Colorado teachers could see a 12.5 percent increase in their license fees under a plan being considered by the state Department of Education.

Out-of-state applicants could feel an even bigger bite – 37.5 percent. Resident fees would rise from $80 to $90, while non-resident rates would jump from $80 to $110.

The alternative to increasing fees is reduction of licensing staff and deterioration of customer service, including longer wait times for licenses, CDE officials say.

The department is considering a number of options, and licensing office head Colleen O’Neil presented them to the State Board of Education last week. The board is expected to make a decision in October. Any increases would go into effect Jan. 1.

The reason for the increase is budgetary.

“We absolutely won’t have enough money if we don’t increase fees,” O’Neil told the board.

The licensing office is funded entirely by the fees and receives no revenue from CDE or the tax-supported state general fund. As its name implies, the Office of Educator Preparation, Licensing and Enforcement is responsible not only for licensing and special endorsements but also teacher background checks, investigation of license revocation cases and review of teacher preparation programs operating in the state.

Teacher licensing was in the spotlight a few years ago – including at the legislature – when wait times were running about six months.

“We now have a four- to six-week turnaround time, and in the slower months of the year, two weeks,” O’Neil said. “I don’t ever want to go back to six months, but we definitely would be increasing licensing times” without a fee increase.

Longer wait times can directly affect school districts because it delays their ability to hire, O’Neil noted.

Here are the three options she outlined for the board:

No fee increase – Without cuts, the office would have a $150,582 deficit at the end of 2015-16 and be $443,022 in the red at the end of $443,022.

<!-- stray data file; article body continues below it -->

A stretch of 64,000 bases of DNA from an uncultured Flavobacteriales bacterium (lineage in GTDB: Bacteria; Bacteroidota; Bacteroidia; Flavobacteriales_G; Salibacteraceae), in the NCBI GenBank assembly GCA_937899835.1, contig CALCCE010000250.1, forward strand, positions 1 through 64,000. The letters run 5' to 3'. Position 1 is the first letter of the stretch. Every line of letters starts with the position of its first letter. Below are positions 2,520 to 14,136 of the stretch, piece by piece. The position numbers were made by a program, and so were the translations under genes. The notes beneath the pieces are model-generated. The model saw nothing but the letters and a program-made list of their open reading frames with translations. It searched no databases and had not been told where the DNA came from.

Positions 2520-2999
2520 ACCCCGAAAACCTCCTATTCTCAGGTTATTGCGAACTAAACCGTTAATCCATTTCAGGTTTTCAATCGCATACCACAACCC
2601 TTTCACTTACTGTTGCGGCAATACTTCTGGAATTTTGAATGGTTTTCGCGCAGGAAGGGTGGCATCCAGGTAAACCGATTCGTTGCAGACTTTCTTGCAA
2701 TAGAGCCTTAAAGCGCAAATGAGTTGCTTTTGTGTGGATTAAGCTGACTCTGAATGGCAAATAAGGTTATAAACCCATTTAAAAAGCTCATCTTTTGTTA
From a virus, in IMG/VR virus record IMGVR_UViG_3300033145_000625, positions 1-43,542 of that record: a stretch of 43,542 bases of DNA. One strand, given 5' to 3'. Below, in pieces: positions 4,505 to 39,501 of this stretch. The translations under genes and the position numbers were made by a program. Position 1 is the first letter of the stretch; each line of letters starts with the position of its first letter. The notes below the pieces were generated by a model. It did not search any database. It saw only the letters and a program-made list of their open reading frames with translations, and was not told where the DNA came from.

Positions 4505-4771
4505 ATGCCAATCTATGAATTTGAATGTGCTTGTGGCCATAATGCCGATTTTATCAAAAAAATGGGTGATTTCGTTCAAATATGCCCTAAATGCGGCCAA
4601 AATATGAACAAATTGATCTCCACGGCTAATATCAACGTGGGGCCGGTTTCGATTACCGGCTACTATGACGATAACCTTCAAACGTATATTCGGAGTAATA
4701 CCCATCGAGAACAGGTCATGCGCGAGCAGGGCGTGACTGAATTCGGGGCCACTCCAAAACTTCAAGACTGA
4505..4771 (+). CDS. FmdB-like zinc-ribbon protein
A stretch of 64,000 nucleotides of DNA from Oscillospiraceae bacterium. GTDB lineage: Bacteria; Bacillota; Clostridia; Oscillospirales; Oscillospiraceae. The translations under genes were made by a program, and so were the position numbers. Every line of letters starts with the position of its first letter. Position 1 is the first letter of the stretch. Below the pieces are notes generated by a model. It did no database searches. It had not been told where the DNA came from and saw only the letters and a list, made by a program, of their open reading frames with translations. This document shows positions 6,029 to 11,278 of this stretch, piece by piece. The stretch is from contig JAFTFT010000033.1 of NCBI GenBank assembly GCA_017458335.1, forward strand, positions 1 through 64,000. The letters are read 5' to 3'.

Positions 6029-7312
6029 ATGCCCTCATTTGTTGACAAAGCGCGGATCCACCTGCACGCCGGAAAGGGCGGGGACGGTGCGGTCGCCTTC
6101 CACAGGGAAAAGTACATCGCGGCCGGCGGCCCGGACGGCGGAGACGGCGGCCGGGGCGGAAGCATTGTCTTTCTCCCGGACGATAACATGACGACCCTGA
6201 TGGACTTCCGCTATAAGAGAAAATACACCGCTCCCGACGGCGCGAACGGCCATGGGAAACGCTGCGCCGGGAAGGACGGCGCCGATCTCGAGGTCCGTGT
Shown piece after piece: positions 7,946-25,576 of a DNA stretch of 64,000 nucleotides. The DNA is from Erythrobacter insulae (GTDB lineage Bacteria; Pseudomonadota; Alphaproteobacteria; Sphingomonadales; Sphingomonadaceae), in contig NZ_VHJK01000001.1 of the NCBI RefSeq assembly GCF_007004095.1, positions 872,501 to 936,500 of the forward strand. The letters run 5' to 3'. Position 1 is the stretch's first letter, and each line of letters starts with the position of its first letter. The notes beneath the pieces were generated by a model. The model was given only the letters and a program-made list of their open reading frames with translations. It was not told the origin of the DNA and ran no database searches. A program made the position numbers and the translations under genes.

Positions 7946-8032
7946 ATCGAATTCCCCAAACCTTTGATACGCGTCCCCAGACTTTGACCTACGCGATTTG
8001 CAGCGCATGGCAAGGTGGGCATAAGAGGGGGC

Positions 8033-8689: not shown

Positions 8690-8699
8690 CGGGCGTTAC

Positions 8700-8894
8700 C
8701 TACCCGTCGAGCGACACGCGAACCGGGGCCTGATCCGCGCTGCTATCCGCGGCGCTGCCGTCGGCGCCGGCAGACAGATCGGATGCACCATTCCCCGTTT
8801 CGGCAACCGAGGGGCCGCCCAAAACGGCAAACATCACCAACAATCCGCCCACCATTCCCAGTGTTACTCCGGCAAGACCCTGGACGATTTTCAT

Recommended increase – Raising fees $10 for residents and $30 for non-residents would allow the office to hire three more staff members, the office would stay in the black and no future increases would be needed for at least five years.

Minimum increase – Only non-resident fees would be raised — by $20 a year — no additional staff would be hired and another increase likely would be needed in two years.

O’Neil said the number of license applications has stayed relatively stable in recent years but that increasing amounts of time are required for investigations, review of preparation programs, customer service and license revocations. The office has a current annual budget of about $3 million and a staff of 24.

About half of initial license requests come from out of state, and those take twice as long to process than resident applications.

More than 37,000 license applications are received each year, and the office issues about 33,000 licenses, credentials and authorizations.

The last fee increases were in 2004 and 2011.

Most teachers don’t have to pay annual license fees. Initial licenses are good for three years, professional licenses run for five years before renewal, master teacher certificates are valid for seven years and substitute licenses are good for one to five years depending on the license type.

Board members asked O’Neil how Colorado compares to its neighbors.

O’Neil said Wyoming charges $150 for residents and $200 for non-residents, while Utah charges $40 and $75. New Mexico charges $125 for both but hits non-residents with $95 fees for each endorsement. Endorsements recognize that teachers have received appropriate training in fields such as special education.

The options

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